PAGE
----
Just when you thought you knew all the possible foundations for computing, along comes another one. Forget von Neumann, this approach models Ising machines, systems built on solving a statistical ensemble model of ferromagnetism. The concept is quite simple. Imagine a lattice of magnetic dipoles/spins, each of which can only be in a “north-up” or “north-down” state. The coupling, in various states, when summed over adjacent magnets represents an energy and the goal is to minimize this energy.
As you might expect, this model maps neatly to various kinds of optimization problem. The travelling salesman problem (TSP) is one example, encountered in chip place and route tools, network routing, aircraft and truck routing and many other problems. TSP is considered an NP-hard problem though heuristic solutions are known and widely used. But improving on any of these solutions is always challenging since scaling up parallelism is quickly defeated by exponential growth in combinational complexity as the problem size grows.
While neural net and quantum annealing approaches are also being explored, advances based on Ising modelling have been reported recently. Rather than building spin lattices this approach uses laser pulses circulating through a ring cavity. Pulses are generated from a pumping laser as optical parametric oscillators (OPOs), a particular form of squeezed light. Each of these, above an oscillation threshold, splits into one of two possible phases which can model Ising spins. The ring cavity is designed to allow a fixed number of evenly-spaced OPOs to circulate through the ring at any one time, thus modelling a set of spins.
Next you have to model the coupling between the spins. In one approach, optical taps into the cavity take a small percentage of an OPO, delay it for an integral number of OPOs in the chain and couple that percentage back into the next OPO in line. There are N-1 taps for a cavity supporting N OPOs. This enables modeling a coupling between the i[SUP]th[/SUP] and j[SUP]th[/SUP] spins for any (non-equal) i and j. (The optical tap approach becomes very cumbersome with increasing N, so recent approaches have switched to electronic methods to add delay.)
Of course this ring of OPOs decays over time and the decay rate for any OPO depends on the phase states in the OPO. The decay rate of the system of OPOs can be engineered through couplings to model the energy profile (Hamiltonian) of a target Ising problem. (You’ll have to take that on trust or follow the 3[SUP]rd[/SUP] link below.) Now the OPO system is pumped by a laser, starting below the oscillation threshold. As the gain through pumping is slowly increased, it will eventually reach the lowest point in that profile which is a threshold for oscillation/resonance and that will self-reinforce. This by the way is known as the minimum gain principle, intuitively reasonable but not provably true. Finally, by observing the relative phase state of OPOs, resonances and hence minima in the problem space can be detected.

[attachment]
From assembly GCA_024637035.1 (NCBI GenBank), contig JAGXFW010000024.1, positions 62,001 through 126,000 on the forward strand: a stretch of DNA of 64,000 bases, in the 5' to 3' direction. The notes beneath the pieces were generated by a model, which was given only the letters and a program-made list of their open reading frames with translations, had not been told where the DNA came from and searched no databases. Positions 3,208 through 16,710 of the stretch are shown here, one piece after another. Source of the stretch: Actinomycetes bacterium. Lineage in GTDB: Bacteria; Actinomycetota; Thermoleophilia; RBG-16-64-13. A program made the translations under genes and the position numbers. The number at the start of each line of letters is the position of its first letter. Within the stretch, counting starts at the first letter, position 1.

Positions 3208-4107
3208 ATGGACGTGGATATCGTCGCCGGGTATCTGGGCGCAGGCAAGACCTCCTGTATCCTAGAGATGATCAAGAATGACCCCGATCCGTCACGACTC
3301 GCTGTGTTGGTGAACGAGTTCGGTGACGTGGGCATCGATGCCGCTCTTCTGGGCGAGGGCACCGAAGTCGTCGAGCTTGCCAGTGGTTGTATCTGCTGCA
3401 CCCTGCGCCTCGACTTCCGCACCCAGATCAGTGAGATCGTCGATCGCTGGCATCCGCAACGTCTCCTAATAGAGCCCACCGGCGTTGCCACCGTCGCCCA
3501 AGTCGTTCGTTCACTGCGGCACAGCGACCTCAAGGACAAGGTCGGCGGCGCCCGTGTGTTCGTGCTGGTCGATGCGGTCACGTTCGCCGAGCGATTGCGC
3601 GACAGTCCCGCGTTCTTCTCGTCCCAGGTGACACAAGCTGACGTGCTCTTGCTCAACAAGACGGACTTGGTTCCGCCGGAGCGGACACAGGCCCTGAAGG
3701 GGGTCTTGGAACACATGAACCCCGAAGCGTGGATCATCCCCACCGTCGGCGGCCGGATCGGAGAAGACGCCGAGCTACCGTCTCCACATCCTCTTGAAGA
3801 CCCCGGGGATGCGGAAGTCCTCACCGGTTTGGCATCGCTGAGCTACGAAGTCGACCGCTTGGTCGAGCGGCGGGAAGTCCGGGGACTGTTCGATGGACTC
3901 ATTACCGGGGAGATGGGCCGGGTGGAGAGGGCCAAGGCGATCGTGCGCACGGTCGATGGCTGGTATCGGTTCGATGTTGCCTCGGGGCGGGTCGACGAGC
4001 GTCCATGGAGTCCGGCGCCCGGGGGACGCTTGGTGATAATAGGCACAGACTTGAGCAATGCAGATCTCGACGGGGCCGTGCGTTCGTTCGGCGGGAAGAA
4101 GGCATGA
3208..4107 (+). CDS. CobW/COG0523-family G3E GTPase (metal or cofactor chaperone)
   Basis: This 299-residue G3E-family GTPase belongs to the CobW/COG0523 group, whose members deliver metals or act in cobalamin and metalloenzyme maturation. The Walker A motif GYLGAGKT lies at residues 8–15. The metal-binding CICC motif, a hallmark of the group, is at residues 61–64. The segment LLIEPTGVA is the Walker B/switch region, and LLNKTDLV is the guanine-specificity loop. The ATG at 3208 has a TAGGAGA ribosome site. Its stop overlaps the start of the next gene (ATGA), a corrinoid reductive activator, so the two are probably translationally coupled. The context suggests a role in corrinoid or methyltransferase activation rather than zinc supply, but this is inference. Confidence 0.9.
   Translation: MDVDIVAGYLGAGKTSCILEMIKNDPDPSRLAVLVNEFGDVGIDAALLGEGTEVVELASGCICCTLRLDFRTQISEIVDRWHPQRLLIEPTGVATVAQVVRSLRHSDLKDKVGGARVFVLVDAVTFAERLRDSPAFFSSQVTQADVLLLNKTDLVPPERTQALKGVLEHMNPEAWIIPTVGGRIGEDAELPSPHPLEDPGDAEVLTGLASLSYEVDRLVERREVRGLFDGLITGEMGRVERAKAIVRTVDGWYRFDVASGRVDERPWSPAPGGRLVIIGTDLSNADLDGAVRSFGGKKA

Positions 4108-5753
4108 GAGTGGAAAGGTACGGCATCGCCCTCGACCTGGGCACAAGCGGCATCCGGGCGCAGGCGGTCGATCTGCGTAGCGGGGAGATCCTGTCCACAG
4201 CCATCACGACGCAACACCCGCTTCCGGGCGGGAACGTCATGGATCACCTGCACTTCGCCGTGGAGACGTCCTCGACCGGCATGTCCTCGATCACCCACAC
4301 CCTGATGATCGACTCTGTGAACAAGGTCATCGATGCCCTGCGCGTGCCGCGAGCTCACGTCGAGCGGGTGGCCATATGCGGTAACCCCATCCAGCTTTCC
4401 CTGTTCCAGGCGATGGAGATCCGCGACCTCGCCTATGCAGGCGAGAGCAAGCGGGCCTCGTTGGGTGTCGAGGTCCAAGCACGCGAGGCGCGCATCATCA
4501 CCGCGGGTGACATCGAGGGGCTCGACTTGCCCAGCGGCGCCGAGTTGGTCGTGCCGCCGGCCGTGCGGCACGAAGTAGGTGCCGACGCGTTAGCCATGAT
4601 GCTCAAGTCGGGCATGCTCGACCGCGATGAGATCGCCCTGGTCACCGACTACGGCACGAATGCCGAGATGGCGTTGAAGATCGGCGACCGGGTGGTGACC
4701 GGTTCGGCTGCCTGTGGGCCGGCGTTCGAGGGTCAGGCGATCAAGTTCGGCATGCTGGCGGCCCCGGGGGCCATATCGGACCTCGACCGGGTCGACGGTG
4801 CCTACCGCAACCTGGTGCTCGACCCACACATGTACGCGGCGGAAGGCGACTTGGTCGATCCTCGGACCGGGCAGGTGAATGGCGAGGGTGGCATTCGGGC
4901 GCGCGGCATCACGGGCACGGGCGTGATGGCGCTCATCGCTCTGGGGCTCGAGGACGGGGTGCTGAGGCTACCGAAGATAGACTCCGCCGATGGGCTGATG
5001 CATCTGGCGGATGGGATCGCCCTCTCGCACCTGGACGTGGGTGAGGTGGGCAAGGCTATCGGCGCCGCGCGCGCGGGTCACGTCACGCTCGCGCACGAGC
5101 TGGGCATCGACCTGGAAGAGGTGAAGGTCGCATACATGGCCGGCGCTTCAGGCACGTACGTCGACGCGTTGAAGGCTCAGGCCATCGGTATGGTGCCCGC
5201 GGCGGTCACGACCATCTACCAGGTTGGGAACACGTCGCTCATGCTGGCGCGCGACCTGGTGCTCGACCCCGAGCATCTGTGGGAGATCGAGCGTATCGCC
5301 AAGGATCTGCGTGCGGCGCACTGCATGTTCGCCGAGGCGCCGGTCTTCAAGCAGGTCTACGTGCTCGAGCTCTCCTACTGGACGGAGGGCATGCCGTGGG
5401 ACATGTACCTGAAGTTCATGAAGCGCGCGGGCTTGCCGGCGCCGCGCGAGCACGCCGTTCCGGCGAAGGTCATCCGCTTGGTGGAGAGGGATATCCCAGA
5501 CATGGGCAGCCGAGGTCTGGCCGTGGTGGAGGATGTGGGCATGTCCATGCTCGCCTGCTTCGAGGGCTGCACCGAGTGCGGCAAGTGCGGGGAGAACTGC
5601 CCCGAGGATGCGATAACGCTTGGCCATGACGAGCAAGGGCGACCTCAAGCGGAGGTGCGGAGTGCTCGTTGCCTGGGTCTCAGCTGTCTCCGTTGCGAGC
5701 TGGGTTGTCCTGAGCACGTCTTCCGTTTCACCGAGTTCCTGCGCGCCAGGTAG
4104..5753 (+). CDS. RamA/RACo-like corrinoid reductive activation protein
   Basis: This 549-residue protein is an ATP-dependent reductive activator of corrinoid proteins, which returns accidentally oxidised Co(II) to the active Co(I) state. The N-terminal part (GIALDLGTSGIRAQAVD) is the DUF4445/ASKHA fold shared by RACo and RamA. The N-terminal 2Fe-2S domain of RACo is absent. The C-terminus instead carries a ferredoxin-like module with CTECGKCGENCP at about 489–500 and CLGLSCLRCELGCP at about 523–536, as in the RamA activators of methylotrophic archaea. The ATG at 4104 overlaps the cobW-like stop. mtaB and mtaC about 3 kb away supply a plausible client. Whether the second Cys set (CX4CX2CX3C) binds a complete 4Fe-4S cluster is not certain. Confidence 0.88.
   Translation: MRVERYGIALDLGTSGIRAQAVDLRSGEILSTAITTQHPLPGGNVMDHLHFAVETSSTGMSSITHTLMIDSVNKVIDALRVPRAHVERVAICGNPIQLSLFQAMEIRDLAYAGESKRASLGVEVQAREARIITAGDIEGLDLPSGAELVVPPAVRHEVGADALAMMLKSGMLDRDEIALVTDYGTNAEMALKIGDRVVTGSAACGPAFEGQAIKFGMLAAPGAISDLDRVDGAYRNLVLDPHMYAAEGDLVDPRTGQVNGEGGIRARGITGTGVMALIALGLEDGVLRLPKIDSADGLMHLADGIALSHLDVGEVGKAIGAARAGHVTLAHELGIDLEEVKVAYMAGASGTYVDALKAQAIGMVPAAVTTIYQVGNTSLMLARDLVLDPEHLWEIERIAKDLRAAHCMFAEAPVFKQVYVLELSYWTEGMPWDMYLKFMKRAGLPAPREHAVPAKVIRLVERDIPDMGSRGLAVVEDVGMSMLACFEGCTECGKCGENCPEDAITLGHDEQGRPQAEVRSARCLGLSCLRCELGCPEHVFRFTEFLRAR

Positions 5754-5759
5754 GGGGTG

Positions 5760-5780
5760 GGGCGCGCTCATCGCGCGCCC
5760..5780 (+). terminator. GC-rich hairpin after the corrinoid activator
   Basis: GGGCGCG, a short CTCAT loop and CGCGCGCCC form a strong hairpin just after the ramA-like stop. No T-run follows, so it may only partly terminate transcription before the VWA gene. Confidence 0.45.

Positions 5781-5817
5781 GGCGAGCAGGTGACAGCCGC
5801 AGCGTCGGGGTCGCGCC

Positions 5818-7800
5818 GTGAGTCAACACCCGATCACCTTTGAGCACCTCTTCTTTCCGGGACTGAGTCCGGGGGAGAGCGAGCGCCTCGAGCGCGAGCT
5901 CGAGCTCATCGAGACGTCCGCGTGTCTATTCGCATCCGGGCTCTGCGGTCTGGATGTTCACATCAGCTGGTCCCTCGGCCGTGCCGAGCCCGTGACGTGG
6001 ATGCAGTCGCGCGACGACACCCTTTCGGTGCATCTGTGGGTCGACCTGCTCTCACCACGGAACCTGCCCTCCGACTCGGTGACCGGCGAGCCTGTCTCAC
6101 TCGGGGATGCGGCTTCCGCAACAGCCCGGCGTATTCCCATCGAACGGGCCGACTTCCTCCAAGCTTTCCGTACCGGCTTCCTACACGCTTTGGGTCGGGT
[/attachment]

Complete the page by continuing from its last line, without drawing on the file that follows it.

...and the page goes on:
So there you have it. Technically, I don’t imagine other optimization techniques are in great danger in the near future. This is a very complex technique requiring some very sophisticated control of laser optics, probably not reducible (near-term) to a chip. Still, it does have one very interesting characteristic. All optimization techniques I know start on the problem curve and move around to (hopefully) find the lowest point. This technique starts below the problem curve and effectively moves a global metric (OPO system gain) up towards the curve. By construction the first thing it will hit is the global minimum (at least if the minimum gain principle is valid).
As a footnote, I checked a number of articles on this topic and found all the “popular” articles (Wired, a Stanford report, IEEE Spectrum) ducked any real attempt at explaining the method, which left me feeling cheated. This blog is my attempt to go at least a little deeper. Apologies in advance to experts in the field if I butchered the explanation – feel free to correct me. You can read a lightweight write-up HERE and the arXiv papers I relied on most HERE and HERE.Share this post via: